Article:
Thursday, July 30, 2015

Creating Custom Tools

We have made it to Module 10! This is a good feeling. This week, we worked on writing code to create a Tool and then share the Tool for anyone to use. There are a number of advantages to using a script tool versus a stand-alone script. For instance:

1. A tool is an integral part of geoprocessing. It is possible to access the tool from Arc Catalog and the Search Window in ArcMap. It is also possible to use the tool in ModelBuilder and in the Python window to call it from another script.
2. A tool is fully integrated with the application it was called from. This means any environment settings are passed from the application, such as ArcMap, to the tool.
3. A tool includes a tool dialog box.
4. The use of tools makes it possible to write messages to the "Results" window.
5. Documentation can be provided for tools, which can be accessed like the the documentation for systems tools.
6. Sharing a tool makes it easier to share the functionality of a script with others.
7. A well-designed tool means a user requires no knowledge of Python to use the tool's functionality.

I made a tool, from a stand-alone script, that would clip multiple shape files. This was really cool, when I finally got it to work properly. Here's what the Script tool window looks like:

I worked on my script using the "trial and error" method along with debugging.  But, initially I was focused on the wrong area. My script did not look like it was running properly, but that was because it had code I had placed in it to run as a "Tool" not a Stand-Alone script. So the errors I received when I ran the stand-alone script, were not errors when I ran the Tool from the ToolBox. Below is a quick overview of how to create a tool. 

1.       To start the process of turning a stand-alone script into a tool, you must create a toolbox. You can do so using ArcCatalog.
o   Right click on the folder where you want to create the toolbox and tool. 
o   Select “New”, then “Toolbox.”

2.       Once you have a new toolbox, you can right click on it and select “Add” and then select “Script.”

3.       After you select “Script”, an “Add Script” template pops up for you to fill in.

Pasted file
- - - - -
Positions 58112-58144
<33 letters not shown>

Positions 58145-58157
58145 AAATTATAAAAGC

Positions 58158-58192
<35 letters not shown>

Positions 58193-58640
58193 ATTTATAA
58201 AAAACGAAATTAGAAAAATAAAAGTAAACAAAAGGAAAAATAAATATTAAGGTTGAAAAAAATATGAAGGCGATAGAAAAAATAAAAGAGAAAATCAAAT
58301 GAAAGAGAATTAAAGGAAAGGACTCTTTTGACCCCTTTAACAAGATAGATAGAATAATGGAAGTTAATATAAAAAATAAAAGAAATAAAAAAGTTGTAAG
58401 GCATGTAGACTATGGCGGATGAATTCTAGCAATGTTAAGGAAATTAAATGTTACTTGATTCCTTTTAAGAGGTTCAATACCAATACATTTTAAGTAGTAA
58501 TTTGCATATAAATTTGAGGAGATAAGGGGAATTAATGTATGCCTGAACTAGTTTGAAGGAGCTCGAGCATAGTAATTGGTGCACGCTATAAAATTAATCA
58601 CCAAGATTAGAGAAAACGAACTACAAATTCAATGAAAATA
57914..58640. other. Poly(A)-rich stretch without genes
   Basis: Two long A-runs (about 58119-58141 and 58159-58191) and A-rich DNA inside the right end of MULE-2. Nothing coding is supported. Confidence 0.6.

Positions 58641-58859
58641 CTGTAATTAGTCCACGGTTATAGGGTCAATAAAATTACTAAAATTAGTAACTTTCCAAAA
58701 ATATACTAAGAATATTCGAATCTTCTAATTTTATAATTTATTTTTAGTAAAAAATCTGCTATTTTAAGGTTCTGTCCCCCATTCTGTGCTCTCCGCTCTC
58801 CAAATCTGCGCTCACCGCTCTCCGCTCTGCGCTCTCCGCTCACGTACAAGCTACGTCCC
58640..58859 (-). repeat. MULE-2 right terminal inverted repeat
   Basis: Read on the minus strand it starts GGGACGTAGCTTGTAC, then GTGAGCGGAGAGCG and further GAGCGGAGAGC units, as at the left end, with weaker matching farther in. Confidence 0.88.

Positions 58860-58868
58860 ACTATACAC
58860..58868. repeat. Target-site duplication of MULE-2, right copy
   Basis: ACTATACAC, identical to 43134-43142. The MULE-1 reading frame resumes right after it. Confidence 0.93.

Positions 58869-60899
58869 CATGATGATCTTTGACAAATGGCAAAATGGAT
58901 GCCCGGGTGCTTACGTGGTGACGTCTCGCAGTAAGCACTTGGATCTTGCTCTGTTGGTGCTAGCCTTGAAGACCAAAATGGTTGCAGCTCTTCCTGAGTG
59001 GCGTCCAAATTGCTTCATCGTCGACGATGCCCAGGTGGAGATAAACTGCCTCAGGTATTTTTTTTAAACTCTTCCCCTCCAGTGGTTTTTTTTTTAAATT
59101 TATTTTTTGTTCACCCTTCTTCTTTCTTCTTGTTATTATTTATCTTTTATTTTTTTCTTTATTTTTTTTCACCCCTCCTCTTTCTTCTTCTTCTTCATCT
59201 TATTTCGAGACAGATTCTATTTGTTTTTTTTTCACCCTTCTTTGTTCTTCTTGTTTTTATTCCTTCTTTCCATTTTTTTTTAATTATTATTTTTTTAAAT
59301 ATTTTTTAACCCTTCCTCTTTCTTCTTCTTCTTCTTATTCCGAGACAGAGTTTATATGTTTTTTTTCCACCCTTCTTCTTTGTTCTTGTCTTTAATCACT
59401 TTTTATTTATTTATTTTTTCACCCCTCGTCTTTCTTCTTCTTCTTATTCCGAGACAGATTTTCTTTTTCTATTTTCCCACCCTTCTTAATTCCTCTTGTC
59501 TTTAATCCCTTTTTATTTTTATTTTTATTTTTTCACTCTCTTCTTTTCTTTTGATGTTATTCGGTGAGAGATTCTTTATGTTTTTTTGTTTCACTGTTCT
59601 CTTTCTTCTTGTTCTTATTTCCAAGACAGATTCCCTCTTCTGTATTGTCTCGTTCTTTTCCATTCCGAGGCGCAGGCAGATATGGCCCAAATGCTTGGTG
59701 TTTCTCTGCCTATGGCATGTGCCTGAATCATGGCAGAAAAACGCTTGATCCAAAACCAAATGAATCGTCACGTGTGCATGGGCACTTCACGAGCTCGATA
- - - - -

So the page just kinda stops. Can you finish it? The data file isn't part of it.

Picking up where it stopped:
o   Add, “Name”, “Label “and a “Description”. Then, add the script for your tool.

4.       At this point, you are on the last page of the Add Script template. Here you will add the parameters:
o   Click on the first line under “Display Name” and type the name of your first input parameter. Under “Data Type”, select the appropriate type from the pull down menu.
o   Do the same for as many parameters as you require; include an output location.
o   Under, “Parameter Properties”, select the appropriate values.
o   For “Direction” it can be “Input” since, when you create the script you can define where to save the “results”
o   Save when done.

5.       You can edit the tool by right clicking and selecting “Edit” or you can use another editor such as PythonWin.

One of the more interesting steps in creating a Tool, and where I learned my Lesson from, was: 

 To make a script into a tool, you must not have hard-coded file locations

o   File locations in the script would normally look like: “S:\GISProgramming\Module10\Data”
o   For the tool to work properly, the file locations should be in the form: arcpy.GetParameter(#), where (#) is the line number of the entry on the tool template.
o   This includes defining the workspace.

For me, the Big Lesson I learned about writing a script for a tool was this:

6.       The script may not run properly as a stand-alone script once you have made the changes (see above) so that the script will run properly as a Tool.  This is because the file paths are defined in the tool template and not explicit as they would be in a stand-alone script.

I spent a great deal of time adjusting my script going back and forth changing lines to get my script to run without an error. What I needed to do was make a single change and then run the "Tool" to check my script. As I said, this was a good Lesson Learned.  Here's what my final "Tool" looked like when it ran properly:

Friday, July 24, 2015

GIS5103 - Working with Rasters

Here we are finishing up with week 9. I can't believe we are this close to the completion of GIS 5103, Python Programming!

For this week's lab we worked with several Geoprocessing tools to manipulate a raster output to create areas with particular parameters for, slope & aspect. We created a script that would create a single raster image to highlight areas with the following characteristics:

- Forest landcover (classifications 41, 42 & 43)

- Slope between 5–20°

- Aspect between 150–270°

I took the data we had and wrote the basic parts to the script. I was able to import arcpy, and set the environment and enable overwrite. My challenge started when I had to create new rasters using the Spatial Analyst ( module (ArcPy SA). After importing the Spatial Analyst module (from import *) I had all the tools I needed to complete this lab, but somewhere I went left when I should have gone right, or something like that.